It is not easy. But it is necessary to dare to try. I congratulate the organization of the 33rd edition of the Bienal for, once again, investing in difference. “Art is the experimental exercise of freedom,” as stated in an article by the great art critic Mário Pedrosa (1900–1981), whose work has inspired the title of this edition of the Bienal: Afinidades afetivas [Affective Affinities]. It is in art that we find the full space of freedom, in which constitutional principles of a vital character become objective, concrete, real. Art is also economy and development. We have intensely emphasized this dimension at the Ministry of Culture. It bears repeating, as not everyone is aware of this. The cultural and creative activities are vocations of this country and contribute much toward the generation of income, jobs, inclusion and happiness. And they are already responsible for 2.64% of the Brazilian gross domestic product (GDP), for about 1 million direct jobs, for 200,000 companies and institutions, and for the generation of more than R$10.5 billion in direct taxes. In this context, I invite everyone participating in this edition of the Bienal to reflect on a simple message: culture generates the future. This is the moment to give culture the place it deserves; to see cultural policy as a means for bringing about the development that we desire for our society. A development that not only generates and distributes wealth, but which also transforms, stimulates, reinvents and potentializes individuals and the country as a whole – which is precisely what art does, with its symbolic and economic dimensions. And the Bienal de São Paulo contributes much toward this. To everyone, an excellent Bienal.

Sérgio Sá Leitão Minister of Culture

We believe that access to culture is essential for constructing the identity of a nation and leads to the advancement of active citizenship. For this reason we support and encourage a wide diversity of artistic and cultural manifestations, including the largest contemporary art exhibition in the southern hemisphere, the Bienal de São Paulo, which we are sponsoring for the fifth year in a row. People’s worlds change with more culture. The world of culture changes with more people.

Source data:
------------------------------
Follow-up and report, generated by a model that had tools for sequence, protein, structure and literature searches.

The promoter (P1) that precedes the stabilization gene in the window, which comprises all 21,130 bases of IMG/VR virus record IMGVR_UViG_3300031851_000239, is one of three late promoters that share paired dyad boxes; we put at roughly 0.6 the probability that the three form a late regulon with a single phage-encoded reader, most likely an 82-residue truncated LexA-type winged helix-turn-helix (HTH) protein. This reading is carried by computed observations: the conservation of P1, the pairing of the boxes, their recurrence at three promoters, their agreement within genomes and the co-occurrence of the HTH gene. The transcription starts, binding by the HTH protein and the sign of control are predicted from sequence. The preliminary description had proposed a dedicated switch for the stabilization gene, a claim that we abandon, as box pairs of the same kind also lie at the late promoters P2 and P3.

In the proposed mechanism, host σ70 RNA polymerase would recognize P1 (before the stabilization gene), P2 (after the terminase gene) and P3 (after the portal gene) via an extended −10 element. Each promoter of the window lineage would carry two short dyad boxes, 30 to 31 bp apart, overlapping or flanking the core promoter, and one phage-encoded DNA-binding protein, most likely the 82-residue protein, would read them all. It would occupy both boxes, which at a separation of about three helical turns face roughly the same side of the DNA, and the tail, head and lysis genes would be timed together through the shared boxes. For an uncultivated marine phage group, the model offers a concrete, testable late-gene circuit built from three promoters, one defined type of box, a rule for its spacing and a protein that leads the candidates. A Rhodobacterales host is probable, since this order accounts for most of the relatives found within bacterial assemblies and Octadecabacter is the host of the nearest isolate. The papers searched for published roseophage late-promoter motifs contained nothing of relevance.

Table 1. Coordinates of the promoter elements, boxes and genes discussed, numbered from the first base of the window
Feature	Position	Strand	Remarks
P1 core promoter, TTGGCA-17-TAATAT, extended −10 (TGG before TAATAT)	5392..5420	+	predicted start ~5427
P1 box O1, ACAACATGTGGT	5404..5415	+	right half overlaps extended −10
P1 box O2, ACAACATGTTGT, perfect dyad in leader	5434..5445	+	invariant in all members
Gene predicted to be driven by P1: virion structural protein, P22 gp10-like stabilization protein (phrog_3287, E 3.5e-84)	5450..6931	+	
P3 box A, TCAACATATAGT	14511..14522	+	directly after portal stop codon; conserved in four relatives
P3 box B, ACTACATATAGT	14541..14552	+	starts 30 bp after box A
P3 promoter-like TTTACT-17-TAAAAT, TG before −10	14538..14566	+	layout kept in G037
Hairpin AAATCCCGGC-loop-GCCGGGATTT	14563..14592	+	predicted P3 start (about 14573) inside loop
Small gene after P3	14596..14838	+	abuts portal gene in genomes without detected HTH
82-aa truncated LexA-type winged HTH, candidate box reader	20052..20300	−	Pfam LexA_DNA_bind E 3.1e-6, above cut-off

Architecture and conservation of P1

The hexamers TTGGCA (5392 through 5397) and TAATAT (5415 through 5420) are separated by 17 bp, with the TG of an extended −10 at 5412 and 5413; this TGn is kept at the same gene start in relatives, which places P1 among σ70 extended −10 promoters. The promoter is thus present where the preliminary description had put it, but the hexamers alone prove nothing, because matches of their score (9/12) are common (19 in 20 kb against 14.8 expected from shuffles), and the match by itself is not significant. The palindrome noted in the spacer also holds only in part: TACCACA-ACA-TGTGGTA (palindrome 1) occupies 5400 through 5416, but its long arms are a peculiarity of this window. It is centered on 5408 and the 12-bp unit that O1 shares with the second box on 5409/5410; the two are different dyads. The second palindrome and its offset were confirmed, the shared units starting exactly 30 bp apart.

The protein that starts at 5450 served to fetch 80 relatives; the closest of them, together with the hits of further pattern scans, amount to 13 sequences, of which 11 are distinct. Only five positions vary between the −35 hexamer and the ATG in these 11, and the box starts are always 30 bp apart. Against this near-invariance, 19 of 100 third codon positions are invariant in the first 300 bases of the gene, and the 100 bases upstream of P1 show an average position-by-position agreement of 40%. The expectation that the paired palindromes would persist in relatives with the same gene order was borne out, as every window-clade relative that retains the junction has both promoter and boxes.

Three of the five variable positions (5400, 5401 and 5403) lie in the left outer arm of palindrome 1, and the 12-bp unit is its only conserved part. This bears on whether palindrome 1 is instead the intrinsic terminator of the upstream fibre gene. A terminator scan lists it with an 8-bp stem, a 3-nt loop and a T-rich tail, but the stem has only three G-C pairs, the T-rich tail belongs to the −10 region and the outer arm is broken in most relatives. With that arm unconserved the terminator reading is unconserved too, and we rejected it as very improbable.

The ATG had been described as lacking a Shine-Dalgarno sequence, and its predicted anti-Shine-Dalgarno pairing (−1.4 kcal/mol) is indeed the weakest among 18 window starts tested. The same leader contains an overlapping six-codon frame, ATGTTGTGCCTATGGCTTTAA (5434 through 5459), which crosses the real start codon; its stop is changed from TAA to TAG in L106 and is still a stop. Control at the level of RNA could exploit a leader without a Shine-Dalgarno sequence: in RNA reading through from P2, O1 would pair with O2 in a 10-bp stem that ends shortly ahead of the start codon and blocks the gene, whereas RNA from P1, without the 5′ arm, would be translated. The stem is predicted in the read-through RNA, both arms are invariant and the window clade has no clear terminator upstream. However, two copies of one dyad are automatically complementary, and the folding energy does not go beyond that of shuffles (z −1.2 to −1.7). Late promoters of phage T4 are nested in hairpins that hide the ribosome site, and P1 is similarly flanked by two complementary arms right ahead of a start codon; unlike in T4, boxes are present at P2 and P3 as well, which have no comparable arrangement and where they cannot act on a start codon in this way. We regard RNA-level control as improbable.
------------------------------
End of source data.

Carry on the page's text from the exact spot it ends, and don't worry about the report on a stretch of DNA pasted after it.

By promoting connections, we bring distant elements closer together, enabling their contact and, often, creating something transformative. Establishing connections that contribute to the development of the nation and society is the aim of our work. Sixty percent of the electrical power consumed in Brazil’s Southeast and nearly 100% of the power consumed in the state of São Paulo flows through ISA CTEEP’s infrastructure. Our connections go beyond the interlinking of different points in Brazil through electrical power: our goal is to connect people. We are part of a whole, and this is why we want to leave a legacy to society and to future generations. This concern for human development is aligned to our successful partnership with the Fundação Bienal to promote access to art for an ever-growing number of people. The company is proud to support cultural projects of this significance, which stimulate reflection and the development of citizens.


Culture and education form an inseparable duo. This idea is present in the action of various institutions whose work is focused on the field of art. We recognize the irreducible character of art in relation to other forms of knowledge and action when we observe its capacity to bring about transformations in the day-to-day life of people and collectivities, putting its educational potential into use. Based on this premise, Sesc and Fundação Bienal de São Paulo maintain a productive partnership, an outgrowth of the compatibility of their missions for the spread and encouragement of contemporary art. In recent years, this partnership has been intensified and enlarged through constructive actions of curatorship, open meetings with the public, seminars and the coproduction of artworks, culminating in the traveling of selected works to units of the Sesc network in the interior and coastal regions of the state of São Paulo. The continuity of this cooperation is essential for Sesc’s work, linking actions with a potential that should be leveraged in various ways over time. By fostering ways of understanding and cross-sections of reality that put the dominant notions of the world into perspective, the goal is for this work to constitute permanent platforms for educational processes.

Danilo Santos de Miranda Regional Director of Sesc São Paulo


Ministry of Culture, Fundação Bienal de São Paulo and Itaú present

33bienal/sp [affective affinities] september 7 — december 9, 2018